For centuries people have struggled to accurately forecast the weather. In modern societies, many individuals appear to be detached from the weather, yet our dependence on it is obvious when we consider severe storms, extreme temperatures, drought and other natural disasters. Over a period of 44 months and 26 days, I photographed different cloud types occurring in the atmosphere. These photos were taken daily, sometimes multiple times a day. This time-based study of the clouds was a way of investigating my personal relationship with the weather while grounding me in the present conditions of each photograph taken. Pausing to observe the sky and document it became a daily ritual. Of the thousands of photographs some are easily identifiable as specific cloud types found in weather field guides, yet many others represent skies in various states of change. The impermanent states of the clouds are what became most fascinating to me over time. After all, the weather is always shifting, culminating, disappearing—changing.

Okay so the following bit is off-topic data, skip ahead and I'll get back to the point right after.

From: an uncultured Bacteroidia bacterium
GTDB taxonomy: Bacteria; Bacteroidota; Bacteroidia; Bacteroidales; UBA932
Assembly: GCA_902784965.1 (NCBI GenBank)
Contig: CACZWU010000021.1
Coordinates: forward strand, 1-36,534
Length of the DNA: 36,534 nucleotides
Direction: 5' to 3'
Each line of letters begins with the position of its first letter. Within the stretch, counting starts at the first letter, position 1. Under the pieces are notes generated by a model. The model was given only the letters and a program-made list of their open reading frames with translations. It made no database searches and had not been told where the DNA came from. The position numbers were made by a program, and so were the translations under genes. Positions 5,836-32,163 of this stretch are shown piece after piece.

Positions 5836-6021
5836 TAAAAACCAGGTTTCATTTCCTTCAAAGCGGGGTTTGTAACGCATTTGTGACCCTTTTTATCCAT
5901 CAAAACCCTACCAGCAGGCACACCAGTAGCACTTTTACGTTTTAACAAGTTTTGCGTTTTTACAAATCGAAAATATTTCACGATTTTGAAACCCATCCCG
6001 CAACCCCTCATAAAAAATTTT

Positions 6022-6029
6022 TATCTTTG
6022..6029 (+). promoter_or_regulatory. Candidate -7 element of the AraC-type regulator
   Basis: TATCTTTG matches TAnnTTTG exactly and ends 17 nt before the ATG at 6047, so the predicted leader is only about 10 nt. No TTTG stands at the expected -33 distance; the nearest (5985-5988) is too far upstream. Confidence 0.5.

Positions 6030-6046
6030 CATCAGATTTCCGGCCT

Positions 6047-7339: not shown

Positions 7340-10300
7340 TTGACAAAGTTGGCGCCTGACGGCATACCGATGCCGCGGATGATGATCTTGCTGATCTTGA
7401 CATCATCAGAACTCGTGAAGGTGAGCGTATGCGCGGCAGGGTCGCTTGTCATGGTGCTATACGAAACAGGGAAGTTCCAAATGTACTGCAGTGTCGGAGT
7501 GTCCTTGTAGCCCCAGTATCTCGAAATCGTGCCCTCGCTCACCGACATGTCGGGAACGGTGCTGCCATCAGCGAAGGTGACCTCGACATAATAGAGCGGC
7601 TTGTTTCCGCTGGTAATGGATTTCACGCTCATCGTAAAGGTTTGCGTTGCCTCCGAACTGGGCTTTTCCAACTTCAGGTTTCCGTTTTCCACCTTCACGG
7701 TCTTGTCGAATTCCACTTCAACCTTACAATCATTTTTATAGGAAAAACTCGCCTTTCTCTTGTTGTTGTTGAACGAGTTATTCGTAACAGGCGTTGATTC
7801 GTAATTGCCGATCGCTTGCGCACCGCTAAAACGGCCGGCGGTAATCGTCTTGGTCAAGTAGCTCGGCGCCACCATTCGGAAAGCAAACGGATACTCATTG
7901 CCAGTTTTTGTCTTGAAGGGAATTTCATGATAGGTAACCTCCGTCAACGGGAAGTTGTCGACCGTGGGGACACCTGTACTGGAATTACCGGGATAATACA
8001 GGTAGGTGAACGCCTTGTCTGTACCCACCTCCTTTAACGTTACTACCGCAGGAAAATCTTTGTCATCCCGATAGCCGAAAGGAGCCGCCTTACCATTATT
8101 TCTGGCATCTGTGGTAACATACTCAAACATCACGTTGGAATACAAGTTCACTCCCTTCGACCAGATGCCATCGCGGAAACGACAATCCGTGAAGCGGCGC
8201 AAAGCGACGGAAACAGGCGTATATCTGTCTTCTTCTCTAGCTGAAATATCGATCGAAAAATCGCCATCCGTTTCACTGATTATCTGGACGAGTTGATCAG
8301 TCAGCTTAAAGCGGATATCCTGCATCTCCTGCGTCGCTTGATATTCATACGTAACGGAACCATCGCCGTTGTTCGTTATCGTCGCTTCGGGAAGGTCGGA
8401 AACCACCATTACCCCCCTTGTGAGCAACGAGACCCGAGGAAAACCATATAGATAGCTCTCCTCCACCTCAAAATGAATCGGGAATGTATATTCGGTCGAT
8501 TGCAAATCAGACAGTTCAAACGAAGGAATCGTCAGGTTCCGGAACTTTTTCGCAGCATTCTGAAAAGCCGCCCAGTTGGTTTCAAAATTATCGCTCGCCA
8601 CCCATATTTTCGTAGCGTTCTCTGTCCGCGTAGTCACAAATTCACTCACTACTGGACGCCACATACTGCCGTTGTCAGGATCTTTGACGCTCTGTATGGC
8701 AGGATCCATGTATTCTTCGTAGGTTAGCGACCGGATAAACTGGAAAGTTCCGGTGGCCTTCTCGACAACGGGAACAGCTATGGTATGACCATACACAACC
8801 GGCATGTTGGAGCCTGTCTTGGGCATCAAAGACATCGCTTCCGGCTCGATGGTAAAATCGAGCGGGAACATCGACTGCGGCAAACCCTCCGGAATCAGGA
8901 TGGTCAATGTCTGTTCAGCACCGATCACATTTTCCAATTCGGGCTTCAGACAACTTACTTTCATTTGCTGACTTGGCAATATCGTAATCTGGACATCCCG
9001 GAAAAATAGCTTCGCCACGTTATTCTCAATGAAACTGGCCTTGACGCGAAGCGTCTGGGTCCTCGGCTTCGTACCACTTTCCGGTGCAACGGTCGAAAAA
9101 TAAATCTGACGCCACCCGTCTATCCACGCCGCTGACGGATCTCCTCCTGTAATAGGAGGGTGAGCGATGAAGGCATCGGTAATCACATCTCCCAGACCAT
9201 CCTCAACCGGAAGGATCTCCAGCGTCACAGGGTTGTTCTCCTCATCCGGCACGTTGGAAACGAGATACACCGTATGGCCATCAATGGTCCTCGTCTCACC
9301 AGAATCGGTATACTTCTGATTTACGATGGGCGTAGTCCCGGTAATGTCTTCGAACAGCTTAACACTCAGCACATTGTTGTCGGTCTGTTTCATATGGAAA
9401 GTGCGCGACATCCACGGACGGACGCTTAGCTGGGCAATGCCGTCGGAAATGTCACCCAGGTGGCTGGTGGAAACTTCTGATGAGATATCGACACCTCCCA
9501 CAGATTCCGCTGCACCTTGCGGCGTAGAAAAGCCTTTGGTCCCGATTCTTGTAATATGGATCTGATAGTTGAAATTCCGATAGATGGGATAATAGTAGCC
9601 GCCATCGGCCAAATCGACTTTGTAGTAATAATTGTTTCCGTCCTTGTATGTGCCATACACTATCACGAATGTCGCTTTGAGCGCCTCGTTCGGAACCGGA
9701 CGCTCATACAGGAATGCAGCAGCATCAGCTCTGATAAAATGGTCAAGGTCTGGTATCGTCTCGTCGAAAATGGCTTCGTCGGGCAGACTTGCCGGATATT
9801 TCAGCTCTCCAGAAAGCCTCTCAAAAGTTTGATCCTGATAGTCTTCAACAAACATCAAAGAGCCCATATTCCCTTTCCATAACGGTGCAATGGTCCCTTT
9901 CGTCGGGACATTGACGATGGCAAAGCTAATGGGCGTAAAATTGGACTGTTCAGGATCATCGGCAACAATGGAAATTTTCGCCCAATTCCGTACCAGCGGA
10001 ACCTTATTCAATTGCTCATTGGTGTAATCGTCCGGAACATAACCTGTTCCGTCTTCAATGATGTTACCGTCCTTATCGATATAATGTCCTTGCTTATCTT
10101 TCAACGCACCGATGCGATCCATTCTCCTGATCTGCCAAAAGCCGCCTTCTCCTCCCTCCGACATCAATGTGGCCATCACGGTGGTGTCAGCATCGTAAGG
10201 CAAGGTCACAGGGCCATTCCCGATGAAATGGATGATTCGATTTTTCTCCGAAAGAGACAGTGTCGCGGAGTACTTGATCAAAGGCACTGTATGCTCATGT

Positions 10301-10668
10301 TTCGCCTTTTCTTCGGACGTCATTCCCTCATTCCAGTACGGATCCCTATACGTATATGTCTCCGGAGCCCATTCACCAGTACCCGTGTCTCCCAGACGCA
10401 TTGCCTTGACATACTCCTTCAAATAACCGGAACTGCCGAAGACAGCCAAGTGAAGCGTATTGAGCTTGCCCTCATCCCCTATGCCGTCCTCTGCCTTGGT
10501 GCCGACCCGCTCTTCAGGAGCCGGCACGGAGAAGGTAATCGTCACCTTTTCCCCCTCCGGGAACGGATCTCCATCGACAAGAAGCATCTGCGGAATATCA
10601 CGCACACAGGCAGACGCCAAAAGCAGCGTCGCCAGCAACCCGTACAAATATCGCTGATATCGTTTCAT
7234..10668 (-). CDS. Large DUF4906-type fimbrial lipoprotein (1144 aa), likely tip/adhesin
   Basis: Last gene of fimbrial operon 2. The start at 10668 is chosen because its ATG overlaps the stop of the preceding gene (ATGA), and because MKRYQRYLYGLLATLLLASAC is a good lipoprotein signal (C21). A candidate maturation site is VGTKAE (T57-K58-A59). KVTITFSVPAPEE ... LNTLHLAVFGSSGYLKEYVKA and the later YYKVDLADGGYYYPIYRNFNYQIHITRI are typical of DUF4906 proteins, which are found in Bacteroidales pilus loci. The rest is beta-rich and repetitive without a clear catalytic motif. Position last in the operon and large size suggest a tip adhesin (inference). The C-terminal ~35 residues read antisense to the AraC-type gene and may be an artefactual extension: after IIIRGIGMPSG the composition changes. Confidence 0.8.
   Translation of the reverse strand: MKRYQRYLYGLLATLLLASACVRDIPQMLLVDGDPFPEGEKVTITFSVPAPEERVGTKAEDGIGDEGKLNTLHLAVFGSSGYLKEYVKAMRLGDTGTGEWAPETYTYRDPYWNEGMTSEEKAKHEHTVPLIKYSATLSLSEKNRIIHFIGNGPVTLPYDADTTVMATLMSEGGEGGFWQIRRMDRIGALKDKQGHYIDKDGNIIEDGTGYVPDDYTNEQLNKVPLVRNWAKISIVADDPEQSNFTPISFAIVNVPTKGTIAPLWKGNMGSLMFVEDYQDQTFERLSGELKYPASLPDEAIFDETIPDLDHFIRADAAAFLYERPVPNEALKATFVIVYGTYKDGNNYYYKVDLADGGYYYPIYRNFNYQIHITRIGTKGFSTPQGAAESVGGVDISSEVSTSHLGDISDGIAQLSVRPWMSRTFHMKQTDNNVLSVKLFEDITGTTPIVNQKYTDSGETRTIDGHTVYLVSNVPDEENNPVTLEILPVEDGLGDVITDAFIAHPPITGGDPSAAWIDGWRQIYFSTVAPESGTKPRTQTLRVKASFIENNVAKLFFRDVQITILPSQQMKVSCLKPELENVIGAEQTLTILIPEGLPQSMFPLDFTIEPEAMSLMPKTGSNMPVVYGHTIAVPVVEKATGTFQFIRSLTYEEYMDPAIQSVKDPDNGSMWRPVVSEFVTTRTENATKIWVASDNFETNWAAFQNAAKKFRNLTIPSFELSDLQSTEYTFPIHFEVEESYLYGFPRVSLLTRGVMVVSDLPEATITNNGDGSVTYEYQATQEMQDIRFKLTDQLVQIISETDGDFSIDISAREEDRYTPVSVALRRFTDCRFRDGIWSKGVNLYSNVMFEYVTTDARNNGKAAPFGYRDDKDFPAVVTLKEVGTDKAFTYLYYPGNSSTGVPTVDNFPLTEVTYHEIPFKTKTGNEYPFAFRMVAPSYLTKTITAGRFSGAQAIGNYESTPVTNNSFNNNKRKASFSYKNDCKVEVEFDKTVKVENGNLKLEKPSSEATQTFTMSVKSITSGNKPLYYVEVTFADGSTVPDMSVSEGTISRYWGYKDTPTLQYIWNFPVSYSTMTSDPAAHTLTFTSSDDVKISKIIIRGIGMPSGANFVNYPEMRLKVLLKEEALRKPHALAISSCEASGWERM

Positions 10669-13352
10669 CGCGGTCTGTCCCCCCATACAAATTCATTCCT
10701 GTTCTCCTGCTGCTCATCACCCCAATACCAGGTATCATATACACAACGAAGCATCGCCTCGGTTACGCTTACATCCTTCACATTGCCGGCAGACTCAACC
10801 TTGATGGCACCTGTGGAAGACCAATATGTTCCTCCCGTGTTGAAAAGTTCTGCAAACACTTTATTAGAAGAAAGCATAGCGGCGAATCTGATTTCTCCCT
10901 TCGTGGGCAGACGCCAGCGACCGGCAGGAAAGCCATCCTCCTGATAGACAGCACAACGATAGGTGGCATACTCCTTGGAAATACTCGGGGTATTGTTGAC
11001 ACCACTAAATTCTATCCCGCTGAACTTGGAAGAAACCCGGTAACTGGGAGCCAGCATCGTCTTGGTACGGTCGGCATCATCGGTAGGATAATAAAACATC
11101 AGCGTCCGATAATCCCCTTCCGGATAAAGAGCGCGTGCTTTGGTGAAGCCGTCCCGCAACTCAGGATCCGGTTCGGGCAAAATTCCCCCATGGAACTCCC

Over the next 12 months and 5 days I grouped, identified and edited the images. From this mass of accumulated photographs, I distilled it down to 27 representations of the most common cloud types that occur in the sky. I selected one image of each specific cloud type and transferred it into a wet plaster medium onto the shape of its corresponding international weather symbol. The act of transferring the images imbues each fresco surface with subtle variations making each object, like clouds- entirely unique. The international weather symbols are used worldwide by maritime travelers and pilots navigating the sea and sky, but their use is limited due to the sky’s constant states of flux. The power held in the meaning of these symbols is transient and fleeting. Ultimately, this work indexes the unpredictable forces that dramatically affect all life on earth and invites you to take a closer look at the sky above.